Holy cow your horse is the spitting image of my Puck! Moves exactly the same way she's moving in that first video. She's reaching nicely into the contact, but doesn't really want to carry herself anymore than she has to. I agree with everything equinealways suggested. I throw in lots of transitions, both within gaits and between gaits, and half halts. I recently did a clinic where the clinician pointed out something that should be obvious, but it's one of those things we all have to be reminded of. Say you want to canter 100 strides. You can do the whole 100 strides in one canter, just go along for the ride, and it's never going to get any better from that first stride. Or you can break it up into 5 sets of 20 canter strides interspersed with a nice working trot and pretty much guarantee yourself a markedly better canter by the last set, not to mention a nicer trot to go along with it. Every transition or half halt will help her rebalance and you'll find she stops falling on her forehand every few steps. She obviously has a bit more spunk when jumping, so kudos to you for recognizing the dressage plays heavily into jumping. If she gets strong and wants to start plowing through fences, half halts will be what gets her back.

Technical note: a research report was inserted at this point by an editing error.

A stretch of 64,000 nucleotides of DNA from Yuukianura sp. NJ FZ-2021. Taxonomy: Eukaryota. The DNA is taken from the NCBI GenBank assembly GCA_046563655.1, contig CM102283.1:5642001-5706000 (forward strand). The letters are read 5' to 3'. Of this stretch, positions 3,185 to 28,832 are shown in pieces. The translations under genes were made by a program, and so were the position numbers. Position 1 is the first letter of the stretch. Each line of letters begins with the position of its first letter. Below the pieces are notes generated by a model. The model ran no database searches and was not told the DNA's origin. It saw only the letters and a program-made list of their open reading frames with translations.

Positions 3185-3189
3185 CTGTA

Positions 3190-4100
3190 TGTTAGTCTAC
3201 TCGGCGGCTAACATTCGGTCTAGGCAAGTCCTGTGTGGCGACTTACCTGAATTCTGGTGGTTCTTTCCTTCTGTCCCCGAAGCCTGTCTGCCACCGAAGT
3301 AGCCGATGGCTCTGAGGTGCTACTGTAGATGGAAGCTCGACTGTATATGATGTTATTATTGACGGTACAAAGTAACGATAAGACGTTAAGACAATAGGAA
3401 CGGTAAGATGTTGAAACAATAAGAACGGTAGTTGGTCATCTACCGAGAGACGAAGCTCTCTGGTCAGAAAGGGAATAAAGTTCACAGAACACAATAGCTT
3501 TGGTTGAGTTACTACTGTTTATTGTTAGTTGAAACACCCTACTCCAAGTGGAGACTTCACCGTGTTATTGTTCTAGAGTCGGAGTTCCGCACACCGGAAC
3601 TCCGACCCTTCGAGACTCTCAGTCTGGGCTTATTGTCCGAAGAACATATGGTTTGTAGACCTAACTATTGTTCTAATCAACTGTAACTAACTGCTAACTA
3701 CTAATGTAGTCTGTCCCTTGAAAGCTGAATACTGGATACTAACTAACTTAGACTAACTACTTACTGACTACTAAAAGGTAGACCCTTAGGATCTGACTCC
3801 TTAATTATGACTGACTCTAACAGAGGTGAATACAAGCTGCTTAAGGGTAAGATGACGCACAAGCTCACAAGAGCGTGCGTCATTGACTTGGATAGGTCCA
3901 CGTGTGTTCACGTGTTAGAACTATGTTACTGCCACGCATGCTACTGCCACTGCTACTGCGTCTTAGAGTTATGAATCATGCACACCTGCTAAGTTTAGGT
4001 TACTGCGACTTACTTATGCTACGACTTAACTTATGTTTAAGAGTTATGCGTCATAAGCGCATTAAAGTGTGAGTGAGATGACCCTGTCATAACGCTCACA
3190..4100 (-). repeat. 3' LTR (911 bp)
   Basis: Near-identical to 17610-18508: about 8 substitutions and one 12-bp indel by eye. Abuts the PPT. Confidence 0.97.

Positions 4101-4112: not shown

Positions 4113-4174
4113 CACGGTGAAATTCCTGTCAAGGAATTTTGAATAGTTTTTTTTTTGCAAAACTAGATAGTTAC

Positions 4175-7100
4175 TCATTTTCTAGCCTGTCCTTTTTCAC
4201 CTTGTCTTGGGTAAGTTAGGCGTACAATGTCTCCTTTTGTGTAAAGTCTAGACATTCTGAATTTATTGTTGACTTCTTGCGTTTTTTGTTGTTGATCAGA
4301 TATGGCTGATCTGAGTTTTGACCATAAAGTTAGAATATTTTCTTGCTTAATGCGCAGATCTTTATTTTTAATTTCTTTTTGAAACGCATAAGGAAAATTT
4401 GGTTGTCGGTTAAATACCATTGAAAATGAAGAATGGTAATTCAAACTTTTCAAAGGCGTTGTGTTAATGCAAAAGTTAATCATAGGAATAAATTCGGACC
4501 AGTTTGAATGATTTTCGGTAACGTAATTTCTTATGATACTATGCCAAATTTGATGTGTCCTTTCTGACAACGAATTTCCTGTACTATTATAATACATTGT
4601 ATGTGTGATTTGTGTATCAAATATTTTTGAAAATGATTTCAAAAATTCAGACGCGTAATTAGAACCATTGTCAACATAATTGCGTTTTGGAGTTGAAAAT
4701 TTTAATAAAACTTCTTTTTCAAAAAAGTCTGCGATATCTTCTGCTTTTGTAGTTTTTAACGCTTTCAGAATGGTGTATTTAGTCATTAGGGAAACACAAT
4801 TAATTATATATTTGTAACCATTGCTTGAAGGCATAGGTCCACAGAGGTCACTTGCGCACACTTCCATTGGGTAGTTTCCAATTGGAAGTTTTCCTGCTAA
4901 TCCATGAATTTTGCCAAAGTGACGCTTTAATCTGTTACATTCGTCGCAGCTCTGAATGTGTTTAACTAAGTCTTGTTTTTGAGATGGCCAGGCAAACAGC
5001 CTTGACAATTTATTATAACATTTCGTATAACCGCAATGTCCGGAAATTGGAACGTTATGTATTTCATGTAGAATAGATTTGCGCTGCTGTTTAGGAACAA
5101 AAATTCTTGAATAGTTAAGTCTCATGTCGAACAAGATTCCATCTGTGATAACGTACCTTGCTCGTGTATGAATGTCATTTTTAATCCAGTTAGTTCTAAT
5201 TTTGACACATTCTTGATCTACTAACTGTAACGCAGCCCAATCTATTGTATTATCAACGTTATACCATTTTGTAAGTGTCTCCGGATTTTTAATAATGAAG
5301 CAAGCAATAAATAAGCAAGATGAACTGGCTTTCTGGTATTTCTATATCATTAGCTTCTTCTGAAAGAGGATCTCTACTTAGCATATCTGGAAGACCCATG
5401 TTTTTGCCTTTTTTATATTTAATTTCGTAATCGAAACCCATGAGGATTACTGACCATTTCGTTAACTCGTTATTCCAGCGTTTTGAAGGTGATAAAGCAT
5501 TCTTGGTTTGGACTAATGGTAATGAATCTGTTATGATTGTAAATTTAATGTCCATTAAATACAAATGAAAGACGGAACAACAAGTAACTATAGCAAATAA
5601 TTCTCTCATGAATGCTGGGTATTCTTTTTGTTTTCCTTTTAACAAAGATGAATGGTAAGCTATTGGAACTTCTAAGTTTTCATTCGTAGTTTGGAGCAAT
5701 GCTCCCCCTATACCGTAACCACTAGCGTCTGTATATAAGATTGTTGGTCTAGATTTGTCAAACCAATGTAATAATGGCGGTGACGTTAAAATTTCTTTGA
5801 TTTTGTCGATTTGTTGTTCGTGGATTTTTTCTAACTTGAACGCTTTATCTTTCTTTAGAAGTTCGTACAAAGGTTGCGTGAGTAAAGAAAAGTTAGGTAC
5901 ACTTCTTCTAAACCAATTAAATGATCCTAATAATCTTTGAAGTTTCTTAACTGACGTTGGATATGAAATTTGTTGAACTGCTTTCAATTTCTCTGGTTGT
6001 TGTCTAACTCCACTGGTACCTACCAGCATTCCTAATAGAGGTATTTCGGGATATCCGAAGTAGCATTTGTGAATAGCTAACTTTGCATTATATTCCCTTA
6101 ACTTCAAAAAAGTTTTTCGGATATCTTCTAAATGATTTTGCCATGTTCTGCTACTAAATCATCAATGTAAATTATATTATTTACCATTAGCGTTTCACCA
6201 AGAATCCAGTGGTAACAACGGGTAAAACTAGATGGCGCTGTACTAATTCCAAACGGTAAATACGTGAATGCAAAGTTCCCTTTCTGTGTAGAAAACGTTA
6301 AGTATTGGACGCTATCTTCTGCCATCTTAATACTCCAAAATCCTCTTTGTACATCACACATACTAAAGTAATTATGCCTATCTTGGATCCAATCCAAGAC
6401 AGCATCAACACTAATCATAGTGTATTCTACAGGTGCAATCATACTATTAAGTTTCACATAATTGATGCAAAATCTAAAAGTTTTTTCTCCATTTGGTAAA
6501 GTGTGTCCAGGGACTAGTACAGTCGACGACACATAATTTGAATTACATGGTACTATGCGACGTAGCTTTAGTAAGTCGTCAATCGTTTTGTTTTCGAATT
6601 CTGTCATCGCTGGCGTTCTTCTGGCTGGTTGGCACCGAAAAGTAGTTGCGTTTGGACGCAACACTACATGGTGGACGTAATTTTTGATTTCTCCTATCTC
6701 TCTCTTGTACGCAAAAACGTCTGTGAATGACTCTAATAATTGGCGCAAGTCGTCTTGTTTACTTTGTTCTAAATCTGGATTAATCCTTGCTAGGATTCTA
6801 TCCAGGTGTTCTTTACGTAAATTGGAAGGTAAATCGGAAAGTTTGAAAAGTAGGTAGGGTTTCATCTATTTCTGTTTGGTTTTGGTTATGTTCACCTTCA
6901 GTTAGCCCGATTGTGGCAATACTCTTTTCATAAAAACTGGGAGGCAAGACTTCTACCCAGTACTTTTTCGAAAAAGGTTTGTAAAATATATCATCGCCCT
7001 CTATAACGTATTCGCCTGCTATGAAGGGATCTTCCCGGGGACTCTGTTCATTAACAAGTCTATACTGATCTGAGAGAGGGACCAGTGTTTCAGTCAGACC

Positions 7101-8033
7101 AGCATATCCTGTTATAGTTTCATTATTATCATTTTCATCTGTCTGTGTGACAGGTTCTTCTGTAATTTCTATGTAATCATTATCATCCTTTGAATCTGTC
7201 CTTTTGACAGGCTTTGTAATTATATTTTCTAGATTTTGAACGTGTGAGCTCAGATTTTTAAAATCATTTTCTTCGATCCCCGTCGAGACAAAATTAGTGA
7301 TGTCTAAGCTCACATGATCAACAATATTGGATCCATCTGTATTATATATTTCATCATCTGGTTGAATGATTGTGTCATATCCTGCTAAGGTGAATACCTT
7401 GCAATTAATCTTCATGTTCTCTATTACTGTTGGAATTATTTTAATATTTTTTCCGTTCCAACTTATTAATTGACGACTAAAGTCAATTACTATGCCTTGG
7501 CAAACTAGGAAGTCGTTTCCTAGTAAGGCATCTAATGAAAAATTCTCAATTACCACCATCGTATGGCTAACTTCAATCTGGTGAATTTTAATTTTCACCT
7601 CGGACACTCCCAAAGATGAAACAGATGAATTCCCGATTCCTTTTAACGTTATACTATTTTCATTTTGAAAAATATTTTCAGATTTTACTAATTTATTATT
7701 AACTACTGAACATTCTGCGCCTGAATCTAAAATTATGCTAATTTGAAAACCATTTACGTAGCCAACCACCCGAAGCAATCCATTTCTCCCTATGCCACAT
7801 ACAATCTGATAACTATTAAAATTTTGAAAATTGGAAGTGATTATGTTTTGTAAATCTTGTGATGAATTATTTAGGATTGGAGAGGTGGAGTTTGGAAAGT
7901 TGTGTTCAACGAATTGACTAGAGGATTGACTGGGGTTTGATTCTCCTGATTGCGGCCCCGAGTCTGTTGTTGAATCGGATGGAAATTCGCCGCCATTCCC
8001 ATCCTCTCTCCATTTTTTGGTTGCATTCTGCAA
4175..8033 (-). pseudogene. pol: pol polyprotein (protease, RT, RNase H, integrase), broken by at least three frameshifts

You just have to see your distance...you don't have to like it.